What are the Conversation starters
Much of the time, when people chat to each other they’re not thinking about a specific outcome – conversation just seems to happen! But people who are skilled in conversation are far from random when they chat. They hold an intention or intentions, usually unspoken, which influence the course their conversation takes. This can be a specific outcome they have in mind, or it may be something as intangible as a guiding quality or attitude.
When Oprah called some people “radiators”, she was, in fact, describing people who have this special skill of affecting a conversation. They might not give it a name, but in what they say and how they listen they demonstrate intentionality. One person, I would call a radiator once told me, “I just want to leave the other person better than I find them.”
Another said, “I always want to be able to give the other person something, whether it’s interesting information, an enjoyable time, or some sort of help.” This kind of intentionality doesn’t have to be plKiaraed in advance – it’s more an attitude of mind that guides you.
In conversation, you are always sailing into the spontaneous unknown – that’s the fun of it – and at the same time, with your intention, you can set your sail in a particular direction. Whether you are working towards a specific outcome or not, invisible factors – such as your attitude – make all the difference when you want to influence a conversation. The way you view and remember other people profoundly affects any communication with them. If you think that people are basically honest and well-meaning, you get one experience.
If you think they are not to be trusted and are out to exploit you, you get a different one. Similarly, if you view the world as a place where there’s enough to go round and plenty of good things are free, that attitude will create one outcome; and if you believe there’s not enough to go around and that everything has to be fought over in fierce competition, then you’ll get a different one.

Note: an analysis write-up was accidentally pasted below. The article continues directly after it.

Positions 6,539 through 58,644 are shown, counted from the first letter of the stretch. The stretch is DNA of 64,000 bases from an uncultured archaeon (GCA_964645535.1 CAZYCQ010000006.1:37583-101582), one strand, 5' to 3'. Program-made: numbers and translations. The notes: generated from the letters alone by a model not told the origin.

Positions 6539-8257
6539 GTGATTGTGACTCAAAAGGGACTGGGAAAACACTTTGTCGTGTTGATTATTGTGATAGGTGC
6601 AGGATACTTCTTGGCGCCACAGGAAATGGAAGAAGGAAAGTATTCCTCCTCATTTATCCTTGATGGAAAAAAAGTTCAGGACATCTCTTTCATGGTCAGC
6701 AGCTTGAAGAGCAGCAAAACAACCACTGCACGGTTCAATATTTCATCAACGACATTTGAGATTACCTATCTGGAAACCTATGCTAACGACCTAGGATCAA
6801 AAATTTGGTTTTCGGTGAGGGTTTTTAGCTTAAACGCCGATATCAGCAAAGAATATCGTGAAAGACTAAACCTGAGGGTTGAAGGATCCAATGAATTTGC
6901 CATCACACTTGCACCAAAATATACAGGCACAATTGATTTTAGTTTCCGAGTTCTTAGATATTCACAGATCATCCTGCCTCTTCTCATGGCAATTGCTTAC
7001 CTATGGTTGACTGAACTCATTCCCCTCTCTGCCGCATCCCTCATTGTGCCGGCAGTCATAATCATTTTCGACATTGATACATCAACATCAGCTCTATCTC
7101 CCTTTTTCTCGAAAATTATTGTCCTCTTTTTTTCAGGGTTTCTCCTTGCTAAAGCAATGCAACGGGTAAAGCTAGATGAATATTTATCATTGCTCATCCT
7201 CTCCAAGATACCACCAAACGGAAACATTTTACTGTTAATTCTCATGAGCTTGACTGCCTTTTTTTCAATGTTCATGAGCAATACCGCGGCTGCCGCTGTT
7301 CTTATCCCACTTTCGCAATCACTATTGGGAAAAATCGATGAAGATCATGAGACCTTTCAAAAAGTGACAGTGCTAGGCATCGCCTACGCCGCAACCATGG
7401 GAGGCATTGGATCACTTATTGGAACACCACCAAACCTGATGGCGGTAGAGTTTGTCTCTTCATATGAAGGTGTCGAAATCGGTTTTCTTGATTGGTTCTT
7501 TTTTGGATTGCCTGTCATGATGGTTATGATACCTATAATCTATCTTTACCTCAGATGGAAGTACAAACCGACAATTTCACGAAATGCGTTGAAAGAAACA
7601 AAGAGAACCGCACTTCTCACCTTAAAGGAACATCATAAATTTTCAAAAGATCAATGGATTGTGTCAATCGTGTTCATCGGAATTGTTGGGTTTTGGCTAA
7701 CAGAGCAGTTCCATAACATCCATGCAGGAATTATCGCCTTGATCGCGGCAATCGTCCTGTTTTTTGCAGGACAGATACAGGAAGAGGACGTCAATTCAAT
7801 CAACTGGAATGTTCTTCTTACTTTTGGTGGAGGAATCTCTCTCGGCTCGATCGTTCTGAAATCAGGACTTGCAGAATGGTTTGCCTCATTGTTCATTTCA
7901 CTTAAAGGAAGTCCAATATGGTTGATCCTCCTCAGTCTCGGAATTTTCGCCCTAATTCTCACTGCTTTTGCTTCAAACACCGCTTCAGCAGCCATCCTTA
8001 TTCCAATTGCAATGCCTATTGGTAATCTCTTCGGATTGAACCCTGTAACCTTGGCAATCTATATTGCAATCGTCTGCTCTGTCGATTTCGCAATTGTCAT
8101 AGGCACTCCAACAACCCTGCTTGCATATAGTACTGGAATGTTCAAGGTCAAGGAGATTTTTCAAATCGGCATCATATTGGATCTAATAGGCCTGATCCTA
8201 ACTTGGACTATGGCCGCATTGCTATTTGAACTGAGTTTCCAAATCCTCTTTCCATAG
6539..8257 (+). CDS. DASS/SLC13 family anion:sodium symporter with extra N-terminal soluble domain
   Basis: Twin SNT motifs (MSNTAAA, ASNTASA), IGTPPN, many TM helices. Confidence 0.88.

Know your intention
Often you have a specific outcome in mind when holding a conversation, for example:
Exchanging opinions and learning new facts.
Obtaining agreement through negotiation.
Selling a product or persuading of an idea.
Influencing the other person’s state of mind, through motivating, inspiring, reassuring, galvanizing and so on.
Often the purpose is about connection:
Making a new friend.
Improving a relationship.
Becoming more intimate.
Accepting, supporting and caring.
Enjoyment may be a guide:
Creating enjoyment for both of you.
Having a good laugh.
Sharing good things.
A conversation goes well when the two parties share a common purpose, even when it’s simple and unstated – to have fun or relax together, for instance. The purpose can change as you progress, but the conversation will flow best if you’re traveling in a similar direction.
If one person imagines the conversation is about having a laugh, and the other wants to share some intense feelings, they’ll both need to make some adjustment to achieve a satisfying conversation!
In a reality television programme about the UK’s National Health Service, two young men, joking and teasing each other, came into the hospital to visit their friend who had had a serious accident.
Hearing that the injured man had damaged one of his testicles so badly that he might lose it, the two young men attempted jokes with him about his private parts, but their banter failed to provoke the usual humorous rebuttals, and the conversation dwindled into an awkward silence. Without their usual habit of banter and teasing, they were unable to find a point of connection. They needed a new language of compassion, but it was an unknown territory and they failed to find it on that occasion.
VALUES AS INTENTION